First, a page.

Posts Tagged ‘mechanical power’

Optimizing Belt Width in a Pulley-Belt Assembly

Friday, September 15th, 2017

   It’s been awhile since we began our discussion of a pulley-belt assembly operating within a hydroponics plant, and we’ve solved for a lot variables and derived many equations along the way.   Today we’ll tackle the two remaining variables,  T1 , the belt’s tight side tension, and T2 , its loose side tension, and we’ll determine exactly what belt width will optimize power transmission within our system.

 Optimizing Belt Width in a Pulley-Belt Assembly

Optimizing Belt Width in a Pulley-Belt Assembly


   Last time we converted mechanical power, P, from horsepower into foot-pounds per second and the belt’s velocity, V, into feet per second in order to get things into terms we can work with.   We then inserted these values into the mechanical power formula to get,

2,200 foot pounds per second = (T1 – T2) × 3.93 feet/second               (1)

   This equation will allow us to solve for T1 and T2, and from there we’ll develop a value for the optimum belt width.

   Previously, we determined from the Euler-Eytelwein Formula that,

T1 = 2.38T2                                                                                     (2)

   Substituting equation (2) into equation (1), we get,

2,200 foot pounds per second = (2.38T2  – T2) × 3.93 feet/second      (3)

   Reducing this equation with algebra we arrive at,

T2 = 405.65 pounds                                                                         (4)

   We can now insert equation (4) into equation (2) and calculate T1,

T1 = 2.38 × 405.65 pounds                                                               (5)

T1 = 965.44 pounds                                                                         (6)


   T1 is maximum tension in the belt, specified by the manufacturer to be 300 pounds per inch of width, which makes the minimum width belt to be used to optimize power transmission within our  pulley-belt assembly,

w = T1 ÷ 300 pounds per inch                                                           (7)

w = 965.44 pounds ÷ 300 pounds per inch                                         (8)

w = 3.22 inches                                                                                (9)

   We can use a belt of minimum width of 3.22 inches to safely transmit 4 horsepower from the engine to the pump without incurring breakage and slippage along the belt, thereby optimizing power transmission within our assembly.   If we used a narrower belt, breaking and slippage would occur.   If we used a wider belt, an unnecessary expense would be incurred.

   Next time we’ll begin a discussion on flywheels as they apply to rotating machinery like gasoline and steam engines.


Copyright 2017 – Philip J. O’Keefe, PE

Engineering Expert Witness Blog



Unit Conversion, Horsepower to Foot-Pounds per Second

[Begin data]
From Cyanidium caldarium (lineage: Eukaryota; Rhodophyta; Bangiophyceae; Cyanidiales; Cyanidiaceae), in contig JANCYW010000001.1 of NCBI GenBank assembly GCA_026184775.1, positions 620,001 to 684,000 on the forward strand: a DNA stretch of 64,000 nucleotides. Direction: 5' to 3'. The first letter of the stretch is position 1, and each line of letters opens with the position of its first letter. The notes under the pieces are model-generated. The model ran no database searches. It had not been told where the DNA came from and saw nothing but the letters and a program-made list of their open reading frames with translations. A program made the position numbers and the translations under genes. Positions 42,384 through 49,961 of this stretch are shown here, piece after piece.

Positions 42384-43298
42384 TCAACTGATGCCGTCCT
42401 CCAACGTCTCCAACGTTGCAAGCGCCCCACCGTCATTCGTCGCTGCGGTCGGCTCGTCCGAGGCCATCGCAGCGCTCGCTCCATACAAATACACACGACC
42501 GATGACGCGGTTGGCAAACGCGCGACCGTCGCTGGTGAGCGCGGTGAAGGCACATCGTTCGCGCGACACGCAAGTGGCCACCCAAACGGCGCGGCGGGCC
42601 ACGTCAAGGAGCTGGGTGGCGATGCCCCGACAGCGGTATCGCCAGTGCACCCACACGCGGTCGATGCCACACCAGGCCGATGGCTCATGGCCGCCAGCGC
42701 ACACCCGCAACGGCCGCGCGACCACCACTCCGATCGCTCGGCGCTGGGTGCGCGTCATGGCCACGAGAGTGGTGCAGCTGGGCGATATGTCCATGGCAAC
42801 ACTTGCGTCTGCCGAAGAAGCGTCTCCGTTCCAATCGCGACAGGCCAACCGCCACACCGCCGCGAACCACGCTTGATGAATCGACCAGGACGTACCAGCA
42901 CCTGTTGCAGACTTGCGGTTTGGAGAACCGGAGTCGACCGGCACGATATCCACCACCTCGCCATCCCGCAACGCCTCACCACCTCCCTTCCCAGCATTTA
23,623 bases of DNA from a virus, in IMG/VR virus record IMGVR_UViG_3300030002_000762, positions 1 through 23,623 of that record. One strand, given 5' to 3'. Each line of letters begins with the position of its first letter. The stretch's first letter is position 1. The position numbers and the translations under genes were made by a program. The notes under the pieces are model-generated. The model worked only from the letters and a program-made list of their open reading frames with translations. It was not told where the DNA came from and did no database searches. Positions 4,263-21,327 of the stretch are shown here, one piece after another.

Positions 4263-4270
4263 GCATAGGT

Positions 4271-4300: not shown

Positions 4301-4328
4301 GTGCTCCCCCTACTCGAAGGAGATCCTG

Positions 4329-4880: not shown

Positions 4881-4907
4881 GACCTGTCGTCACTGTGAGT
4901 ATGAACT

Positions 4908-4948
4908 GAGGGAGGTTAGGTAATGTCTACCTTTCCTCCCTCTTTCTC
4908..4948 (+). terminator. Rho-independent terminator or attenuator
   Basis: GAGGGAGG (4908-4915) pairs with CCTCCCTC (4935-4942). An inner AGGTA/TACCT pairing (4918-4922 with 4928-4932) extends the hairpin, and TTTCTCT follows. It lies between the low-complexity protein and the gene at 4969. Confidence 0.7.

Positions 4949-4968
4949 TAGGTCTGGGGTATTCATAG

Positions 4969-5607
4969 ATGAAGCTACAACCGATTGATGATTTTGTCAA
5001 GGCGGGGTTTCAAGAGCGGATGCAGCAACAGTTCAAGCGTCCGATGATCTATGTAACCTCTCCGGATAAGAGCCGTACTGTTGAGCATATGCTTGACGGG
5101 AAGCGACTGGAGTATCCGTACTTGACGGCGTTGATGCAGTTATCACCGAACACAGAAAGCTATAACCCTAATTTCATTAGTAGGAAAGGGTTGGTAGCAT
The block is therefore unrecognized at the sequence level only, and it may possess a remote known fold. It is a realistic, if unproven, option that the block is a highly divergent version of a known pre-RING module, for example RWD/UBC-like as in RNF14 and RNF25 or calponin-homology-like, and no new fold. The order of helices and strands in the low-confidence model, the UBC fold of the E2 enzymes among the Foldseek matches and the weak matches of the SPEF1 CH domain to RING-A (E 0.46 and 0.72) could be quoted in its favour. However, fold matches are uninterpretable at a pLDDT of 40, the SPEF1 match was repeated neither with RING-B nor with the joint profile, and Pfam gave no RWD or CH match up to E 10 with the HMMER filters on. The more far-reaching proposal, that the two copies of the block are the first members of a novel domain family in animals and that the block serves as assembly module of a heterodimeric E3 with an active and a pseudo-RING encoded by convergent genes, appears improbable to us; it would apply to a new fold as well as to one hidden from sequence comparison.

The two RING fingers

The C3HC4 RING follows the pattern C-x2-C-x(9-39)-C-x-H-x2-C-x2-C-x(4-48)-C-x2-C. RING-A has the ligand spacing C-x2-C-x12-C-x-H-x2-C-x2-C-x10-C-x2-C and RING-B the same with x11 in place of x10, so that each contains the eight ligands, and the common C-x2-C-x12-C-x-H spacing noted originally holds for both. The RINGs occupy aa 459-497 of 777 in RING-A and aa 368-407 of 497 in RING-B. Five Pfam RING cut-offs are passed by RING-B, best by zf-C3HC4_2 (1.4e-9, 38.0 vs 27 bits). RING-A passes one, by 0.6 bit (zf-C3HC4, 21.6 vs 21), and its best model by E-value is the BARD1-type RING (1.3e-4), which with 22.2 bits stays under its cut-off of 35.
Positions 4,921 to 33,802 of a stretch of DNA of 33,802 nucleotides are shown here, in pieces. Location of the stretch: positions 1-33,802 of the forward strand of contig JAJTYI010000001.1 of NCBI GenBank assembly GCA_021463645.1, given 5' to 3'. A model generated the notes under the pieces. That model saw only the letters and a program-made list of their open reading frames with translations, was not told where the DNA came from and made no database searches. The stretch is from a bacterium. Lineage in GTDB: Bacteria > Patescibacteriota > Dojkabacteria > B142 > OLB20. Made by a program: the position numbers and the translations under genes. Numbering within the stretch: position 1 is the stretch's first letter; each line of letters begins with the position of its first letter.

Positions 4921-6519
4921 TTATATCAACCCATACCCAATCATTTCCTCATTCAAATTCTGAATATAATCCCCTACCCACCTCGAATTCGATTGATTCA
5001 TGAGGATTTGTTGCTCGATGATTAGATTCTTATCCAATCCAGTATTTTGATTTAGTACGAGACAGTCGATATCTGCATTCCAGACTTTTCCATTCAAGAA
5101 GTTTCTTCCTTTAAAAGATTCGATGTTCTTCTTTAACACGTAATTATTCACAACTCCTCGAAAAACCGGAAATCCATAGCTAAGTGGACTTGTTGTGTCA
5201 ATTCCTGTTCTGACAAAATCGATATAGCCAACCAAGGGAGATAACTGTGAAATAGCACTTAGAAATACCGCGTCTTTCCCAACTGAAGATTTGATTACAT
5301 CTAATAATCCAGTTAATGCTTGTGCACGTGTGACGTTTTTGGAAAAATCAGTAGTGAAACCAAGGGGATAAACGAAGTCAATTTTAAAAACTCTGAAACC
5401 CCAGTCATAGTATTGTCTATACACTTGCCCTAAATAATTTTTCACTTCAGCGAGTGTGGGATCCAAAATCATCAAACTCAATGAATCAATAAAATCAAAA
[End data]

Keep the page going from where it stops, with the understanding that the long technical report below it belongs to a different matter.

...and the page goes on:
Monday, September 4th, 2017

   We’ve been working our way towards developing values for variables in our example pulley-belt assembly, and last time we calculated the velocity of the belt in that assembly to be 237.99 feet per minute.   But before we can go on to calculate the belt’s loose side tension, T2, and tight side tension, T1, we’ll need to discuss unit conversion, specifically how to convert horsepower into foot-pounds per second.

   Our working formula for this demonstration is the formula for mechanical power, P, previously introduced and shown again here,

P = (T1 – T2) × V                                                               (1)

   By engineering convention mechanical power is normally measured in units of foot-pounds per second.   But if you’ll recall from a past blog in which we determined the belt’s velocity, V, it was measured in units of feet per minute, not per second. 

   To further complicate things, the difference in belt tensions, T1 – T2, is stated in units of pounds, and combining these elements together results in P being expressed in foot-pounds per minute, not the required per second, because we are multiplying feet per minute by pounds.   That’s a whole lot of unit changing within a single equation, which makes for an awkward situation.

   To smooth things out we’ll have to do some converting of units.   We’ll start by dividing V by 60 seconds per minute so it can be expressed in units of feet per second,

V = 237.99 feet per minute ÷  60 seconds per minute          (2)

 V = 3.93 feet/second                                                        (3)

   The power in our belt was previously given as 4 horsepower, which must also undergo conversion and be put in terms of foot-pounds per second so it can be used in equation (1).

Unit Conversion, Horsepower into Foot-Pounds

Unit Conversion, Horsepower to Foot-Pounds per Second


   One horsepower is equal to 550 foot-pounds per second, which makes the amount of power, P, in our pulley-belt assembly equal to 2,200 foot-pounds per second.

   Units converted, we can now insert the values for V and P into equation (1) to arrive at,

2,200 foot pounds per second = (T1 – T2) × 3.93 feet/second           (4)

   Next time we’ll use this relationship to develop values for T1 and T2, the belt’s tight and loose side tensions.

Copyright 2017 – Philip J. O’Keefe, PE

Engineering Expert Witness Blog



The Mechanical Power Formula in Pulley and Belt Assemblies

Saturday, July 29th, 2017

     Last time we determined the value for one of the key variables in the Euler-Eytelwein Formula known as the angle of wrap.   To do so we worked with the relationship between the two tensions present in our example pulley-belt assembly, T1 and T2.   Today we’ll use physics to solve for T2 and arrive at the Mechanical Power Formula, which enables us to compute the amount of power present in our pulley and belt assembly, a common engineering task.

    To start things off let’s reintroduce the equation which defines the relationship between our two tensions, the Euler-Eytelwein Formula, with the value for e, Euler’s Number, and its accompanying coefficients, as determined from our last blog,

T1 = 2.38T2                            (1)

    Before we can calculate T1 we must calculate T2.   But before we can do that we need to discuss the concept of power.

 The Mechanical Power Formula in Pulley and Belt Assemblies

 The Mechanical Power Formula in Pulley and Belt Assemblies


    Generally speaking, power, P, is equal to work, W, performed per unit of time, t, and can be defined mathematically as,

P = W ÷ t                               (2)

    Now let’s make equation (2) specific to our situation by converting terms into those which apply to a pulley and belt assembly.   As we discussed in a past blog, work is equal to force, F, applied over a distance, d.   Looking at things that way equation (2) becomes,

P = F × d ÷ t                         (3)